A Times Editorial
© St. Petersburg Times, published March 6, 2001
Broward County's Frank Lee Smith is dead, but the issues raised by his conviction -- and his 14-year confinement for a capital crime DNA evidence confirms he did not commit -- are very much alive. Gov. Jeb Bush had no choice but to appoint a special prosecutor to investigate the case, given the serious charge of perjury leveled against sheriff's detective Richard Scheff, whose morphing testimony was key in sending Smith to death row and keeping him there until he died of natural causes. Only time will tell if the special investigation becomes an exercise in getting at the truth -- or in whitewashing.
Bush quietly put State Attorney Bruce H. Colton on the case in late January, following public calls to do so. Colton's job is to determine the validity of allegations, made by Smith's family and others, that Scheff concocted a "phantom" photo line-up to discredit a key eye witness intent on recanting -- and to keep an innocent man he begrudged on death row.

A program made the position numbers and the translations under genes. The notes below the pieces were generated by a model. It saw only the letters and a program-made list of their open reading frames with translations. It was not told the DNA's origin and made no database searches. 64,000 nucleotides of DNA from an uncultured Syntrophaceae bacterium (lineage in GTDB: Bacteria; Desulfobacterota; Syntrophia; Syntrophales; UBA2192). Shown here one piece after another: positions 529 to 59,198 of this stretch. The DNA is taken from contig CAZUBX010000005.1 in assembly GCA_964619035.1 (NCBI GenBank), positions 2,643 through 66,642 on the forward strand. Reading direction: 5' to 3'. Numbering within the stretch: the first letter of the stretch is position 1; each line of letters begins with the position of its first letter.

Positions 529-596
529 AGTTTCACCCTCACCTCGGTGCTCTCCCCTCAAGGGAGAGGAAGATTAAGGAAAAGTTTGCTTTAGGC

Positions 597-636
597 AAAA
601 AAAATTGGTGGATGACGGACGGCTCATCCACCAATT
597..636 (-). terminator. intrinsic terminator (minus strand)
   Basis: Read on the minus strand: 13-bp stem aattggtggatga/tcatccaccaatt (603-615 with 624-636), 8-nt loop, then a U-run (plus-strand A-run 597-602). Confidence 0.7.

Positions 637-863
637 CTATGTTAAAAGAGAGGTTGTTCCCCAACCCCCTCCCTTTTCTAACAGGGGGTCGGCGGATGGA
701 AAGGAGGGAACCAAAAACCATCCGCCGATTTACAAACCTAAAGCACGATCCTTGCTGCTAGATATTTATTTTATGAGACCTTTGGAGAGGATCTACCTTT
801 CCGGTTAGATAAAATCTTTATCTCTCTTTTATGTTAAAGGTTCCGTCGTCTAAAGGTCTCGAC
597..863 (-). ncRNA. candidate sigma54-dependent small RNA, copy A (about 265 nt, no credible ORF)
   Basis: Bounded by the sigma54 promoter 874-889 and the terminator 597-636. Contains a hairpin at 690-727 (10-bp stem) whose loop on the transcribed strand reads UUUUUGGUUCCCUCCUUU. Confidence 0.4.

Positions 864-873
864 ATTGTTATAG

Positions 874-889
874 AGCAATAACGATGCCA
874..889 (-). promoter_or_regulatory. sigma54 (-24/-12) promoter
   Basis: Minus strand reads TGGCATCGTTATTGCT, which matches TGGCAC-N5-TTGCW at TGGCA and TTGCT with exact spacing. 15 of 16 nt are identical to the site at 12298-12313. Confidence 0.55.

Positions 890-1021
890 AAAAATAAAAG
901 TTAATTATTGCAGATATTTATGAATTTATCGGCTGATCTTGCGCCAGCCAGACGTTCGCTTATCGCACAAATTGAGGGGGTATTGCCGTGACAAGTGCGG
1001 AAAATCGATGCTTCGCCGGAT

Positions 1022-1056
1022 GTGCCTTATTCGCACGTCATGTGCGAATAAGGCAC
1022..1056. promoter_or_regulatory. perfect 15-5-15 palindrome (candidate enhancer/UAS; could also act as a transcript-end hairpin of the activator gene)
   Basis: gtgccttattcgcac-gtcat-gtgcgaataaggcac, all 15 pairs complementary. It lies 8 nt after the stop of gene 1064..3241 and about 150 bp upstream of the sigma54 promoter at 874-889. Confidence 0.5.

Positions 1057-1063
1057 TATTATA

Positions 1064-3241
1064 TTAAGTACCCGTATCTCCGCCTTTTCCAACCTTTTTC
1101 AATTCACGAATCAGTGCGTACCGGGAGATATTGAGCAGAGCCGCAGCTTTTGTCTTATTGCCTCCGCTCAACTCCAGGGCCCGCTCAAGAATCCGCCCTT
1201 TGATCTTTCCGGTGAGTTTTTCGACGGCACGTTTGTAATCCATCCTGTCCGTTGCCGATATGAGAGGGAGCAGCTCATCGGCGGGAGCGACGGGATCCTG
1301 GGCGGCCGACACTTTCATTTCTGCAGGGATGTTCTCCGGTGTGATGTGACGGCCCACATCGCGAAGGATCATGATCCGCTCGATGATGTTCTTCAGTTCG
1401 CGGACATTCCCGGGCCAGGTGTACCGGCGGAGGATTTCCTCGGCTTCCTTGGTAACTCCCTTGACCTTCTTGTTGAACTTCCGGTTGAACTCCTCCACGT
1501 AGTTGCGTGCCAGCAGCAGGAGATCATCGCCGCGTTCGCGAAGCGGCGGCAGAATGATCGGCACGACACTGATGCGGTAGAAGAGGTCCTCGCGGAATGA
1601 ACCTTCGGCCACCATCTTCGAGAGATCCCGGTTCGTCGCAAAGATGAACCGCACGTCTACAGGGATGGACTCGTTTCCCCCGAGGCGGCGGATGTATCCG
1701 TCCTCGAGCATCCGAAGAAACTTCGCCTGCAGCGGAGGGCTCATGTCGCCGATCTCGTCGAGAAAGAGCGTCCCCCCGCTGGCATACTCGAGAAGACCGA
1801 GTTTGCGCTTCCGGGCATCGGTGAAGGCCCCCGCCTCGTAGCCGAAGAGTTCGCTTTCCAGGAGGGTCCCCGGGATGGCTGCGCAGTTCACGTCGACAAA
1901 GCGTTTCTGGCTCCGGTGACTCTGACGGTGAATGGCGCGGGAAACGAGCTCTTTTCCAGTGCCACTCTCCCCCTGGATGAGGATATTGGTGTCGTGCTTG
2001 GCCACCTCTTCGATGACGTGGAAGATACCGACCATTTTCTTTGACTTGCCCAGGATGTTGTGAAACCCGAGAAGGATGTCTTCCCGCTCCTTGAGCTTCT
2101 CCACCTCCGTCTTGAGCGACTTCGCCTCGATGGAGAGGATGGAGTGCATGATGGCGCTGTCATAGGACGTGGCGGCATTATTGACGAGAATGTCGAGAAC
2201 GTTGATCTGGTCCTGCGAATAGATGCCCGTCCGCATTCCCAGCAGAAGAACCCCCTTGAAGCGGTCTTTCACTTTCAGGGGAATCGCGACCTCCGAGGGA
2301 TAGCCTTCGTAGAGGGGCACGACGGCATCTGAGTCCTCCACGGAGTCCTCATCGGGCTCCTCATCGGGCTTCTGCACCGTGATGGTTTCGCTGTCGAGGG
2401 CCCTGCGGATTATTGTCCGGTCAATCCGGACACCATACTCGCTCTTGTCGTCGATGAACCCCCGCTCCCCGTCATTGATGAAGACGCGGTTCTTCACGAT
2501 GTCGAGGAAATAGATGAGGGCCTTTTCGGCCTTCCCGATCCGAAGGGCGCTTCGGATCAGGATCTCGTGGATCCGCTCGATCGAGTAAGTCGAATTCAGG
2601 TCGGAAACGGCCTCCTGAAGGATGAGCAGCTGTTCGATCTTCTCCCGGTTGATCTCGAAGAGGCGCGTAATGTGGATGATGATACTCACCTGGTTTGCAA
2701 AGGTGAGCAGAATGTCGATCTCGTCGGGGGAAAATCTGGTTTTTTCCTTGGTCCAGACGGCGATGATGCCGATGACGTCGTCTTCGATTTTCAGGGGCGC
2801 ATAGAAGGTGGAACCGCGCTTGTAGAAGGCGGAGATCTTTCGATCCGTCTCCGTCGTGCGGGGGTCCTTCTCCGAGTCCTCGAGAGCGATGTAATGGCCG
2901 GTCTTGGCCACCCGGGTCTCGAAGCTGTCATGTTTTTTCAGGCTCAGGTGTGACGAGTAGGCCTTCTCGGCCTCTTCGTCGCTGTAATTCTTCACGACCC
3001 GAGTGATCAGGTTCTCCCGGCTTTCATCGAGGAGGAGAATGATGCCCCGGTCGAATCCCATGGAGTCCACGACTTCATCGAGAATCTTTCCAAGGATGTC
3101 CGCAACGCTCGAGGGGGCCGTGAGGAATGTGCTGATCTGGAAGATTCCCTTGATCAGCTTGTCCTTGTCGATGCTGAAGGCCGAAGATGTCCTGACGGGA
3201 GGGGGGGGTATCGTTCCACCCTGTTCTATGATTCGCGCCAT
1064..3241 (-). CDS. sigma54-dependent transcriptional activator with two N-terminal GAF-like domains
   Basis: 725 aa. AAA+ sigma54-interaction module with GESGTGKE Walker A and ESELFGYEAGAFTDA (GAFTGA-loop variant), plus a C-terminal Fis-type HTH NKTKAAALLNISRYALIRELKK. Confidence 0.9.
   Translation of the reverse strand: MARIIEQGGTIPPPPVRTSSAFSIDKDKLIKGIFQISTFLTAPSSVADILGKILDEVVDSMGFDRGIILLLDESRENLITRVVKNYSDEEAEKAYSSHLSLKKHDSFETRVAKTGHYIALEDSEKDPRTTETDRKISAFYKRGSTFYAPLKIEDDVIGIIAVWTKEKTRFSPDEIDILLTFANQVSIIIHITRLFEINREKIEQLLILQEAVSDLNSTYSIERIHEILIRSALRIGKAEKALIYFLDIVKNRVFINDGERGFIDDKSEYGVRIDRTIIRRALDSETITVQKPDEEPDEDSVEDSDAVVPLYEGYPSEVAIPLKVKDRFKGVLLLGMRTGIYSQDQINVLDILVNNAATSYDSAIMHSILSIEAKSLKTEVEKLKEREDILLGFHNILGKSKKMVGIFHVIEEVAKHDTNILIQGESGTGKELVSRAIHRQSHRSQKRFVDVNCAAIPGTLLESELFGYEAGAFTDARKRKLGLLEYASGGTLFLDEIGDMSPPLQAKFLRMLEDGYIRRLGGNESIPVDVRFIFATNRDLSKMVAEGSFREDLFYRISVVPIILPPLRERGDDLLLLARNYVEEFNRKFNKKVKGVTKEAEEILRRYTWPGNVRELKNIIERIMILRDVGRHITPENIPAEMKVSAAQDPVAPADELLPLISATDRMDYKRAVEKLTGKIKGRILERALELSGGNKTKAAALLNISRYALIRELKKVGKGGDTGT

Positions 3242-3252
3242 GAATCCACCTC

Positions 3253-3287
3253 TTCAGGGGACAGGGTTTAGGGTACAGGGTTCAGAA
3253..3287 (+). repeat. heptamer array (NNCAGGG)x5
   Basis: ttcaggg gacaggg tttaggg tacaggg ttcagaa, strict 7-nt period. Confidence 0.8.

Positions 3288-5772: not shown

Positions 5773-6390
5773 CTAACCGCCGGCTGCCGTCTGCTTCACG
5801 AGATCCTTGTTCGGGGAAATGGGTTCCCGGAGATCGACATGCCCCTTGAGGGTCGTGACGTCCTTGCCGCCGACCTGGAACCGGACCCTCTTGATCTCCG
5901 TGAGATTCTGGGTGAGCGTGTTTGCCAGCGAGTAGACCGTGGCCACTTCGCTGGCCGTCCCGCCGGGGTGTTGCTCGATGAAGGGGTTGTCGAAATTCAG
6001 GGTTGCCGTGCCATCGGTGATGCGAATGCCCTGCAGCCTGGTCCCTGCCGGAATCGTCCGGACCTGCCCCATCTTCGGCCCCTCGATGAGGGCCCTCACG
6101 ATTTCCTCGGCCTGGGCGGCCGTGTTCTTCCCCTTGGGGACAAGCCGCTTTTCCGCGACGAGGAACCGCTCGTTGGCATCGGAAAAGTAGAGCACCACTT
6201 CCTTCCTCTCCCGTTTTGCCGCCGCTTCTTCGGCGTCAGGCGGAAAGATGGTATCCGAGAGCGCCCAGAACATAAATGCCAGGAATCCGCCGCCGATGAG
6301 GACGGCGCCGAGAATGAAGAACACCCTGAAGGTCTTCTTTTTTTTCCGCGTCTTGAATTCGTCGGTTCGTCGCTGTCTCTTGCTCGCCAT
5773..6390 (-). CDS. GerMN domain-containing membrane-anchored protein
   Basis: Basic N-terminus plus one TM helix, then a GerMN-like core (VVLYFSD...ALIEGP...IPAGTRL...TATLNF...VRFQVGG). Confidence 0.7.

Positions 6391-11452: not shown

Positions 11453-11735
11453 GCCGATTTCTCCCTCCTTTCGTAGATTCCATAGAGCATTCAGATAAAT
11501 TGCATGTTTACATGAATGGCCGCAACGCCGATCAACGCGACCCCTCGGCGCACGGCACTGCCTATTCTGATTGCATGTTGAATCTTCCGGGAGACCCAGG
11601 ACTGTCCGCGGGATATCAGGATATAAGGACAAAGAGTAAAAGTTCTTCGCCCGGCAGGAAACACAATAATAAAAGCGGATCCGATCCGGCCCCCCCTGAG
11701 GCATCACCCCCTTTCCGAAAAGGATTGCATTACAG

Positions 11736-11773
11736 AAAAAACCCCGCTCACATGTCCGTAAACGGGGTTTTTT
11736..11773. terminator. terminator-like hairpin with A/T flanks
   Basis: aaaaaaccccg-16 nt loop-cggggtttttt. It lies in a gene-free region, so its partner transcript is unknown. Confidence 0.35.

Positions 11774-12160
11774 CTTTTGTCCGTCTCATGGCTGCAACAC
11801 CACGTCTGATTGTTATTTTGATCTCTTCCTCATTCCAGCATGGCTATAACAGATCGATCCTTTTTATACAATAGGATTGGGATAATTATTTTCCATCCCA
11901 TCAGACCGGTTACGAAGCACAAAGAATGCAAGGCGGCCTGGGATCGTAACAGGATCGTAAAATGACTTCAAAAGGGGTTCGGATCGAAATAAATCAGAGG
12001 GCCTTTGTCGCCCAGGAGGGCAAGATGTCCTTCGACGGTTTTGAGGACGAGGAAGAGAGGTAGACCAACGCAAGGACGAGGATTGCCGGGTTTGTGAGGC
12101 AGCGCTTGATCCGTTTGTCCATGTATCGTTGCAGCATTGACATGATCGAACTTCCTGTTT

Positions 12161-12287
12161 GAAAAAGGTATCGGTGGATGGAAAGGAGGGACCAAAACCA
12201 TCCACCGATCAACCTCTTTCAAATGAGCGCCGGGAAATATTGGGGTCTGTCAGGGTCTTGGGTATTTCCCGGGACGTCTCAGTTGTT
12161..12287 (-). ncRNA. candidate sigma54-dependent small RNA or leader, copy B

Though the probe's initial focus is on one detective in one case, Colton has a duty to follow investigative trails where they lead. Were Scheff's superiors -- or the prosecutors who repeatedly put him on the stand -- complicit in any act of perjury? The fact that several of those prosecutors have since become judges should not deter Colton from asking, or pushing until he gets answers. If Scheff lied in Smith's case, did he railroad other defendants, too? According to news reports, Scheff was involved in at least two other cases in which innocent suspects were wrongly charged with murder.
Though Scheff retains a presumption of innocence, the allegations against him go to the very core of our criminal justice system. Sadly, accusations of law enforcement corruption and overreach have become all too common. In Hillsborough County, two detectives are being investigated for possible perjury in connection with the Aisenberg wiretaps, while in Jacksonville, Bush last week ordered a probe into allegations that a detective coerced a confession from a teenager who was later acquitted.
It's bad enough when the system sends an innocent man to prison by accident. It's intolerable if it does so by design.